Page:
Queen & Slim has been in theaters for less than a week, and so far, it’s received generally positive reviews.
However, the film stirred up fresh controversy when Twitter discovered an old casting call for the role of “Queen” in the film, which was ultimately portrayed by Jodie Turner-Smith.
Under the role’s description, Carmen Cuba Casting relays they’re looking for a female between the ages of 20 and 35 who is “brown-skinned” and, theoretically, if “she were a slave she would’ve worked in the fields.”
Queen & Slim, which also stars Daniel Kaluuya, is based on an original idea from bestselling author James Frey, which depicts a first date gone wrong after a couple defends themselves against a police officer. The pair end up going on the run after and the rest had fans on the edge of their seats. The film was directed by longtime Beyoncé collaborator Melina Matsoukas and written by Lena Waithe.
Needless to say, the offensive description got Twitter heated.
Color did not determine duties. Dark skinned women (and men) worked in plantation kitchens too. Chopping wood, washing cauldrons, carrying massive platters from the outdoor kitchen...Frederick Douglas was one of many “yellow devils” who worked in the fields. This a whole mess. 😭— Lemony Britches (@AbenaGyekye) December 1, 2019
I mean, I’m no casting director, and I’m guessing they have a hard job finding a human to portray the imagined idea of a writers mind... but surely in 2019 there is a better way to make a call based on skin tone than slave comparisons.— Lili. S. D. (@LilTheTrill) December 1, 2019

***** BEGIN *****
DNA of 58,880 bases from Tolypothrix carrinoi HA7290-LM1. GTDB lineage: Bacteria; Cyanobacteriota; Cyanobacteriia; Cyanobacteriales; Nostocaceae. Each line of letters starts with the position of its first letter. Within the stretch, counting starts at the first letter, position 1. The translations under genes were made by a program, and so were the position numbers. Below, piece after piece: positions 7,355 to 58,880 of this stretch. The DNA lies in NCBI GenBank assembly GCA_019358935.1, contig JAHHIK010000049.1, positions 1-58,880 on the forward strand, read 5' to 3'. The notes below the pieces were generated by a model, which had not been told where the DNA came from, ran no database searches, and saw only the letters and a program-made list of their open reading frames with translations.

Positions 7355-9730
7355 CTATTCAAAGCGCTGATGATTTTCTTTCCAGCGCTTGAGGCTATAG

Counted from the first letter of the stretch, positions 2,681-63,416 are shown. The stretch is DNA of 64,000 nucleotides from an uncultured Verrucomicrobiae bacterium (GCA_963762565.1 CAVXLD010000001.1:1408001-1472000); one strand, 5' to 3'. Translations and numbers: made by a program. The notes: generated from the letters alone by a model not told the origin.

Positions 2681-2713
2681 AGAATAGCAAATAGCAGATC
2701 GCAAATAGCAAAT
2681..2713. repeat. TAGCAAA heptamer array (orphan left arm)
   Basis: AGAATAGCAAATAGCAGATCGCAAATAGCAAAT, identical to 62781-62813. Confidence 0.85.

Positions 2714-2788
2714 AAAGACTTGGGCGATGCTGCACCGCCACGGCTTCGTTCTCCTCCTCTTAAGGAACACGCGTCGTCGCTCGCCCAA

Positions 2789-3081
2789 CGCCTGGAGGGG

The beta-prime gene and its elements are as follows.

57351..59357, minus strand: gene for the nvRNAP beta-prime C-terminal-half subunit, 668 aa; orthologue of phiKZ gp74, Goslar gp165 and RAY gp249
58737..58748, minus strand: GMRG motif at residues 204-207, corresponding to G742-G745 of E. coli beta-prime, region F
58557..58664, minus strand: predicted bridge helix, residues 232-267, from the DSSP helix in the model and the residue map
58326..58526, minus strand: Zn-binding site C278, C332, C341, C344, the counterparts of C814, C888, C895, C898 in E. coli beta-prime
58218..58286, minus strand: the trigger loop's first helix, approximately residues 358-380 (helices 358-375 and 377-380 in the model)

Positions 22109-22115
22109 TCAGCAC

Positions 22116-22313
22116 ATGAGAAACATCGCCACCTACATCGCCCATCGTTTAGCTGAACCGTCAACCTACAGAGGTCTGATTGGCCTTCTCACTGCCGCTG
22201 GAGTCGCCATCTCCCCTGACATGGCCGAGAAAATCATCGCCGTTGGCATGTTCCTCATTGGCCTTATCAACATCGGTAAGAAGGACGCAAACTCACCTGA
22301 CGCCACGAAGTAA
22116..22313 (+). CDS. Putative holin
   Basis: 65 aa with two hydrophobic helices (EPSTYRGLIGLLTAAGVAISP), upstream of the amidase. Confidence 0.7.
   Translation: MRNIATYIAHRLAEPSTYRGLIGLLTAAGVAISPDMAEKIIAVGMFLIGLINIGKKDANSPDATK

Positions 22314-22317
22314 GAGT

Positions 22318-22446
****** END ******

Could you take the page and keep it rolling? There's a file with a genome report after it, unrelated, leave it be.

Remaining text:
Is Queen & Slim even worth seeing? 🤔 after seeing the descriptions of the casting I’m like ehhhhh...— ayonna🤩 (@AyonnaCrosby1) December 1, 2019
If they wanted to try and filter out certain physical features, they could have just written “athletic build”. 🤦🏾♀️🤦🏾♀️🤦🏾♀️— ♐️szn (@spreadoperator_) December 1, 2019
People love to exploit and benefit from Black American culture, while simultaneously insulting us and contributing to our erasure. pic.twitter.com/RFKtHQOAim— Black American Renaissance🤟🏾🇺🇸 (@barenaissance) December 1, 2019
So many other adjectives could’ve been used...but no this... is...what...they...chose...— Jennie Poo (@audaciousgirl) December 1, 2019
Was putting « dark skinned » too wide of a spectrum for them? Oh my goodness. 🥴— ChrissyMoney 💸💸💸 (@ChristianJaLon) November 30, 2019
This isn’t the first time a film’s casting directors fielded an actress using a racist description. Back when the NWA biopic Straight Outta Compton was looking to cast “females of all ethnicities,” Sande Alessi Casting appeared to rank potential applicants by their skin color, calling for "A GIRLS," "the hottest of the hottest" that "can be [played by] black, white, Asian, Hispanic, mid-eastern, or mixed-race" women.
Subsequently, the listing became more specific of their breakdown of women:
“B GIRLS: These are fine girls, long natural hair, really nice bodies. Small waists, nice hips. You should be light-skinned. Beyoncé is a prototype here.
C GIRLS: These are African American girls, medium to light skinned with a weave.
D GIRLS: These are African American girls. Poor, not in good shape. Medium to dark skin tone.”
Do better, Hollywood.
Photo: Frazer Harrison/Getty Images